Cash handouts to ease cost of living pressures in the October budget would have made inflation worse, a senior Reserve Bank of Australia official has confirmed.
RBA deputy governor Michele Bullock said spending the substantial revenue upgrades from high commodity prices on direct cost of living support would have made its job of taming inflation harder.
"What we're trying to do is reduce demand a bit so that it comes back more into line with supply," she told a parliamentary committee on Thursday.
"And if the government, on the other hand, is giving out lots and lots of money, then that's going to be a harder task for monetary policy."
But she said Labor's first budget was "certainly not contractionary" but "certainly moving in the right direction".
"It's appropriate that the budget starts to try and consolidate," she said.
When asked by Labor senator Deborah O'Neil if the October budget was better aligned with monetary policy than the coalition's budget in March, Ms Bullock said the central bank did not consider individual policy decisions but rather considered the budget balance in aggregate.
"What we're looking at usually is what does the overall budget balance and the overall fiscal stance imply for whether it's expansionary for demand or contractionary for demand," she said.
Ms Bullock also fielded questions about controversial forward guidance provided during the COVID-19 pandemic that implied, with various caveats attached, that interest rates were unlikely to rise by 2024.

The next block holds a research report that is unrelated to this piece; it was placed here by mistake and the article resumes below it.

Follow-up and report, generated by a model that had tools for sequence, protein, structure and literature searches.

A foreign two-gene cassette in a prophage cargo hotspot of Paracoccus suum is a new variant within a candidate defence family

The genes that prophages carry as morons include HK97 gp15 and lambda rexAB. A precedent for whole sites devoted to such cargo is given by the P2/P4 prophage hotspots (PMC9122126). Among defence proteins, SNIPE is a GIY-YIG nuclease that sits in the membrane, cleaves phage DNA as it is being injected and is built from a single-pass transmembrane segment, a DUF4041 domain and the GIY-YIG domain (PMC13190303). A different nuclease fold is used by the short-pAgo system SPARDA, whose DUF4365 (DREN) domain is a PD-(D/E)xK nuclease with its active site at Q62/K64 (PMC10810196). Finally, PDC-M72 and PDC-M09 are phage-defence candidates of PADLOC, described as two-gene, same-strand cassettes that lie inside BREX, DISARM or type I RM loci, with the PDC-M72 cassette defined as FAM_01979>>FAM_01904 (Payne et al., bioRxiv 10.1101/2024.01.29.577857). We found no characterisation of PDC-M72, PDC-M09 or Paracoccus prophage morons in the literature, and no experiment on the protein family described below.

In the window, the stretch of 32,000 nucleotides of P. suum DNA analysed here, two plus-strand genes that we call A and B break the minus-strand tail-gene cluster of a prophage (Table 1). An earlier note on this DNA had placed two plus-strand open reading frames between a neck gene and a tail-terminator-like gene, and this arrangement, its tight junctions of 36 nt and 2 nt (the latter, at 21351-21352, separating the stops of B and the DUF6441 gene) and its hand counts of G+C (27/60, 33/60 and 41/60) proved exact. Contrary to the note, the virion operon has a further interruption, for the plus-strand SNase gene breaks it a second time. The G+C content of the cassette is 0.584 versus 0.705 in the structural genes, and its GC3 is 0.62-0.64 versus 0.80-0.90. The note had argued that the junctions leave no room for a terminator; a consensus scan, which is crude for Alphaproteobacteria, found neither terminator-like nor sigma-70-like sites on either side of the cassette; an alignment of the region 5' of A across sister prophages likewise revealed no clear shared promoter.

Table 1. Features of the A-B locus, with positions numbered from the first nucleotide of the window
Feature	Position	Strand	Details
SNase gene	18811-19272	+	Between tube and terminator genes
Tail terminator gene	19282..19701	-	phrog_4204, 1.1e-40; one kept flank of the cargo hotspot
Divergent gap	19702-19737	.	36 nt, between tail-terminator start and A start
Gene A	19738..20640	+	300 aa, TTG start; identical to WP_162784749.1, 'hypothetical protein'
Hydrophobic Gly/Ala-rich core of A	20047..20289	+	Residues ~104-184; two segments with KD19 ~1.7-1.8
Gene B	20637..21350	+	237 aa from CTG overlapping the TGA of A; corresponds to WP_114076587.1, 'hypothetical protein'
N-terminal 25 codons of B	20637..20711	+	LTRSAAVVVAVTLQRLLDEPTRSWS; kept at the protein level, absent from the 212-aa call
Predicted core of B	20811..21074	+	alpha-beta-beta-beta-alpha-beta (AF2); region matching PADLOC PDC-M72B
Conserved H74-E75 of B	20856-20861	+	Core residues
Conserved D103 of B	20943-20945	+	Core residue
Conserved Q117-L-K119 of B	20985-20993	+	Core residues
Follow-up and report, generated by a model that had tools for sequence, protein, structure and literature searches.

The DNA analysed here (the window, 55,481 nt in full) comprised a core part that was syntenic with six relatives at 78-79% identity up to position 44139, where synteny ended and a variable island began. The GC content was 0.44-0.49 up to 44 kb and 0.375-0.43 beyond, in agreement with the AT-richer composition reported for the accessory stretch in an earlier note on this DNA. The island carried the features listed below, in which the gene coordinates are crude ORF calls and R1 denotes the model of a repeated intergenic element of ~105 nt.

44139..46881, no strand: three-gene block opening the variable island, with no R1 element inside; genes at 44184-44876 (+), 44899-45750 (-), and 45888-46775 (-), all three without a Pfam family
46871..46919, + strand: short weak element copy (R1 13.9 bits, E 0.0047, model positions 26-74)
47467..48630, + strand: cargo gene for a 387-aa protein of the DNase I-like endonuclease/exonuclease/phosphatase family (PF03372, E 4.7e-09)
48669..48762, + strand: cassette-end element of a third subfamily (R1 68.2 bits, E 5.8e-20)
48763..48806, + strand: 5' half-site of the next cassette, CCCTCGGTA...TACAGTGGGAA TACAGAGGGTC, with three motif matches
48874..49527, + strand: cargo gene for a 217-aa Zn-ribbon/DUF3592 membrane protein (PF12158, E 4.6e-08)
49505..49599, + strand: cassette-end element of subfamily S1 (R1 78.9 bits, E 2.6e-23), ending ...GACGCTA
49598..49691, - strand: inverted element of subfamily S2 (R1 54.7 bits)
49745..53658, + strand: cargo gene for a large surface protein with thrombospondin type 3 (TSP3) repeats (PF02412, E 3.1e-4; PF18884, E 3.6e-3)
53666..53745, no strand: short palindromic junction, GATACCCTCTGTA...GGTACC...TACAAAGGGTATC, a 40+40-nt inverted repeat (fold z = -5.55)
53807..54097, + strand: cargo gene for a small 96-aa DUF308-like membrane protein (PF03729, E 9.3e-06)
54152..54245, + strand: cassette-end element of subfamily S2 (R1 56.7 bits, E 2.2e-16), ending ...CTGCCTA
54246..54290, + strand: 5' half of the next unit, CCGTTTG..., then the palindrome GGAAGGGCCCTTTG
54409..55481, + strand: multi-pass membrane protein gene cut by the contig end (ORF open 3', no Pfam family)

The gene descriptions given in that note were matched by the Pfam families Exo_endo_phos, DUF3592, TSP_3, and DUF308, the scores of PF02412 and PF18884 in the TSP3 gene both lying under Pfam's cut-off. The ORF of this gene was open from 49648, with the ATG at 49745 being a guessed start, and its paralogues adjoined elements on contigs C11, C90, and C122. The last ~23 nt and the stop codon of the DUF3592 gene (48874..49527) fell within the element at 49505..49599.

"We were caught by surprise," she explained.
"Other countries were caught by surprise by the strength of inflation, and under the circumstances, we had no choice but to start raising interest rates."
Greens senator Nick McKim said people were induced into buying property on the understanding interest rates would not go up for a few more years.
Ms Bullock said accountability for the statements came down to the board that was doing its best in an "uncertain environment".
Nobody at the central bank has resigned as a consequence of the controversial forward guidance.
Ms Bullock also defended the bank's undershot inflation forecasts - namely the war in Ukraine driving supply shocks and pandemic-era supply chain issues taking longer to resolve than expected - and the role of its massive bond purchasing program on inflation.
"About the bond purchase program and the low interest rate and the expansion is that, at the time, we were deliberately trying to inflate the economy, the economy was absolutely in the doldrums," she said.
"We were taking out insurance against a really really bad outcome," she added.